This Canadian infrastructure stock predicts significant growth in 2022


Finning International (FTT.T) is a Canadian infrastructure stock you might want to put on your radar. Sure, it’s not sexy like most meme stocks, but it’s part of an unseen force contributing to the structural progress of three continents. A silent soldier who quietly grows his business while paying a reliable quarterly dividend of 2.44% to shareholders.

The company was founded in 1933 by Earl B. Finning, who had worked as a salesman for Caterpillar Tractor Co. in California and saw greener pastures developing a new market in British Columbia. Having weathered the Depression, Finning fared well as British Columbia built itself through the 1950s and 60s.

Today, Finning is an international forestry equipment manufacturer and the world’s largest Caterpillar dealership, selling, renting and supplying parts and services to multiple industries including mining, construction, oil and gas. a wide range of power system applications.

Pandemic challenges, lockdowns and supply chain issues caused the company’s share price to drop by more than half of its market capitalization in March 2020 to trade at C$13.40 per share. However, Finning rose again and just over a year later, as the world continues to open up and commodity prices continue to rise, Canadian infrastructure stocks are trading near unparalleled heights.

Year-end financials for fiscal 2021 point to a brighter future as the company reported a 25% increase in revenue over 2020 to $1.1 billion from $887 million the previous year. Net income also increased, up 56.9% to $363 million, resulting in EPS of $2.26 per share.

If you like stock trading, Finning is not your game. This is a retired Canadian infrastructure stock that pays in decades rather than days. As such, it has invested heavily in the future by announcing on September 3, 2021 that it had acquired a majority stake of 54.5% in ComTech, through its subsidiary 4Refuel.

ComTech is an early-stage developer of alternative energy infrastructure and proprietary mobile refueling solutions for low-carbon fuels in North America, including CNG, RNG and hydrogen. The final purchase price allocation for ComTech is expected no later than June 30, 2022.

Finning also announced in late March the acquisition of Hydraquip, the UK’s second largest hydraulic hose replacement and repair company. Hydraquip generated more than £26 million in revenue for fiscal year 2021. The purchase continues Finning’s goal of creating a comprehensive product support ecosystem that enables customers to maximize uptime and reduce operating costs .

As trade disputes with Russia and China tighten sanctions and increase tariffs on manufactured goods and raw materials, Western industries will need to secure their relationships with domestic manufacturers and suppliers. Since Finning is relatively agnostic in terms of sectors and companies, he stands to benefit greatly from this change.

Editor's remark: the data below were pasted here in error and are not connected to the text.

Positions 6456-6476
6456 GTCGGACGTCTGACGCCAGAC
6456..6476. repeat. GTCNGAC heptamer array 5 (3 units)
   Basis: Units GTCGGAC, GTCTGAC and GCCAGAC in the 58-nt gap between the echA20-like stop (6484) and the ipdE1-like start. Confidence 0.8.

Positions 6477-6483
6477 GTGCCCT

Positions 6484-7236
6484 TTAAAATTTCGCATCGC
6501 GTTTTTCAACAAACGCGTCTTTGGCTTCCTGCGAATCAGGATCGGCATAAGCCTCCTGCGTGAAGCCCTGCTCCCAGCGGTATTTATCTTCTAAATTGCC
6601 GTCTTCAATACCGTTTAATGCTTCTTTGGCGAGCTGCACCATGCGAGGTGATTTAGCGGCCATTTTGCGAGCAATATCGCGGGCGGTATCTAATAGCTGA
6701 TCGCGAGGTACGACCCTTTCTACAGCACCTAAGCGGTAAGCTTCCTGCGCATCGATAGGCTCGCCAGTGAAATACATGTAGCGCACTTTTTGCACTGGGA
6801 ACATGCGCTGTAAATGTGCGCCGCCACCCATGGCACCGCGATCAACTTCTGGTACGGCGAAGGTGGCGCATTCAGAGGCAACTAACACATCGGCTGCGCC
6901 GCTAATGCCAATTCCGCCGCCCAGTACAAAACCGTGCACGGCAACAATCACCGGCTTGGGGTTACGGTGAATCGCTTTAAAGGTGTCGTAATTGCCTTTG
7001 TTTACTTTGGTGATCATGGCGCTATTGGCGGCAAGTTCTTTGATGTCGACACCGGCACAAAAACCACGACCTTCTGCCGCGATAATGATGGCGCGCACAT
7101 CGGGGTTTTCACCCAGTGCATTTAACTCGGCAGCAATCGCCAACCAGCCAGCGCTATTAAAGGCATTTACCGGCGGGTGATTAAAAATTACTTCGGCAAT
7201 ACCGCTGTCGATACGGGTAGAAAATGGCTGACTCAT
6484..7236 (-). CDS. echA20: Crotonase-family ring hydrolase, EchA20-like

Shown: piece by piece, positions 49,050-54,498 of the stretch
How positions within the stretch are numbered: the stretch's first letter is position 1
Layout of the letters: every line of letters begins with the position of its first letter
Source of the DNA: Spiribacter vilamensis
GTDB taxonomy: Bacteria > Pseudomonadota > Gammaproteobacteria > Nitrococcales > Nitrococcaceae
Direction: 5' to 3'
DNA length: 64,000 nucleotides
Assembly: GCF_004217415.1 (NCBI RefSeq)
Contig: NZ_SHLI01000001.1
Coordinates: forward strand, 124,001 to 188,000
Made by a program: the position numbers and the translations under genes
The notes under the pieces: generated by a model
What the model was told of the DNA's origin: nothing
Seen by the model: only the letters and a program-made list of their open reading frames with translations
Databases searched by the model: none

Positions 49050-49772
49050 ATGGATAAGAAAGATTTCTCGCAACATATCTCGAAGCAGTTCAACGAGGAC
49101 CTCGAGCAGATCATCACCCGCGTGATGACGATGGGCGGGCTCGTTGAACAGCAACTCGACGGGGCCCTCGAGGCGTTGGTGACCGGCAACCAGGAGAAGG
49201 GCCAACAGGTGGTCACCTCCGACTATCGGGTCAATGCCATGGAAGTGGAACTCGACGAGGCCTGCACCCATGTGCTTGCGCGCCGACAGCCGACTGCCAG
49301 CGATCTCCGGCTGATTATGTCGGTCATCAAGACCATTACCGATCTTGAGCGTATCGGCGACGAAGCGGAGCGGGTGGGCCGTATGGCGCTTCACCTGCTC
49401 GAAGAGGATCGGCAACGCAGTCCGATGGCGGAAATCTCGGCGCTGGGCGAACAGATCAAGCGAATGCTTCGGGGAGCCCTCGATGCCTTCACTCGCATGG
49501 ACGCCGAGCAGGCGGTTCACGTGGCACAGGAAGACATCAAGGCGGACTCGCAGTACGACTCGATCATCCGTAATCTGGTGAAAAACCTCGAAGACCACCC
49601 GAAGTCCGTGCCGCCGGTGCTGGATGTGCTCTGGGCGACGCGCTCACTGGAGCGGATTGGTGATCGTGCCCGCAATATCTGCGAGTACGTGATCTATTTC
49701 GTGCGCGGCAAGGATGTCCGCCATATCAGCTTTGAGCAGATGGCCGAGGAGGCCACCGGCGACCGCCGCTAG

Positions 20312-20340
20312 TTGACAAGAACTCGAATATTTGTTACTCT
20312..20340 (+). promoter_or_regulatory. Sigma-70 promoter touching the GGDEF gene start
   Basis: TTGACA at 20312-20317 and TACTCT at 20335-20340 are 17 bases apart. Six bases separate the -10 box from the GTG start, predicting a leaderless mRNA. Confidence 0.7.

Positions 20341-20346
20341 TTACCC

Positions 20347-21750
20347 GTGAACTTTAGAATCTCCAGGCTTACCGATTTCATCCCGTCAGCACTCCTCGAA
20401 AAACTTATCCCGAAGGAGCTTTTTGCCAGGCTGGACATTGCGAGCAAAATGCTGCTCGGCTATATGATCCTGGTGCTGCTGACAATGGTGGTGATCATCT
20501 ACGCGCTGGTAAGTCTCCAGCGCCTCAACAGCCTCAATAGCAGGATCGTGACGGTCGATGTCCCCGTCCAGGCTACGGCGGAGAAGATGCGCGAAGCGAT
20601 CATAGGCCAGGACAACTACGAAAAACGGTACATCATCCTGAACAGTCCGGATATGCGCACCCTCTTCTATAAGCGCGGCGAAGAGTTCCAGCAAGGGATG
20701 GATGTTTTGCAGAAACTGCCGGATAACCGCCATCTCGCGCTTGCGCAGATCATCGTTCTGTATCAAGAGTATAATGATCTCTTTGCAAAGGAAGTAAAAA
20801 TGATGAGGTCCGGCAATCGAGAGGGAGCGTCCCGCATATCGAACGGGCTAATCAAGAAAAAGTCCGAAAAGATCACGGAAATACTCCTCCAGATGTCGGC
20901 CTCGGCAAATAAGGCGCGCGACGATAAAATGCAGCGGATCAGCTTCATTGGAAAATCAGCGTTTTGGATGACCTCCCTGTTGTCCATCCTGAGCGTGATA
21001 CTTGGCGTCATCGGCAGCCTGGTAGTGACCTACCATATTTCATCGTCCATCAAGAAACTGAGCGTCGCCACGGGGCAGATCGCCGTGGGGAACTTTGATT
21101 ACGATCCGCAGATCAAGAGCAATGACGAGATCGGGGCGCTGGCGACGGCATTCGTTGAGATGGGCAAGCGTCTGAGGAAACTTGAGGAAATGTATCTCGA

However, when global relations go down the toilet, there is a good change that the economies involved will also be punished and since Finning survives on the growth and prosperity of the company, she too could be affected negatively. That said, any economic situation that sees a Canadian infrastructure stock take a hit, will most likely have a negative effect on equities across the board. Thus, Finning will most likely remain on the strong side of the investment bell curve.

Granted, as of December 31, 2021, the company had long-term debt of $1.1 billion, but it also reported $502 million in cash and cash equivalents, somewhat mitigating the risk of not being able to sustain its debts. Combine that with the fact that Finning’s EBITDA to net debt ratio is 1.1 for 2021, and the risk drops even further.

Finning has made significant investments in its operations over the past decade and is reporting a respectable adjusted return on investment of 16.4% as of December 31, 2021 and an adjusted return on investment of 20.3% for its operations in North America. South. This high ROIC performance has enabled the stock to return approximately 49% to shareholders over the past five years.

Looking ahead, the company expects to spend between $240 million and $280 million in net capital expenditures and rental fleet additions in 2022. Finning also plans to continue implementing fixed cost initiatives at the globally while targeting BPA growth in the mid-teens over the year.

As mentioned earlier, the pandemic has taken a beating from Finning’s stock value and as such, the company is currently trading well below its intrinsic value, providing investors with a good opportunity for growth.

Insiders put their faith in Finning, buying substantial amounts early in the year. I would be remiss if I did not tell you that there were also a few points of sale, but purchases remain the majority. Moreover, since retail investors hold around 50% of the shareholding, the Canadian infrastructure stock is not short of cash.

Sure, you can stack your cash in AMC as it flounders in mining exploration or the latest NFT craze, but if you’re looking to retire comfortably without the day-to-day stress of trading flashy tech stocks, you have to play the long game.

If you want a technical breakdown of Finning, check out Vishal’s article!

Remember to do your due diligence and speak to an investment professional before making any changes to your portfolio. Once you’ve done that, pick your winning Canadian infrastructure stock and secure your future. Good luck to everyone!

–Gaalen Engen


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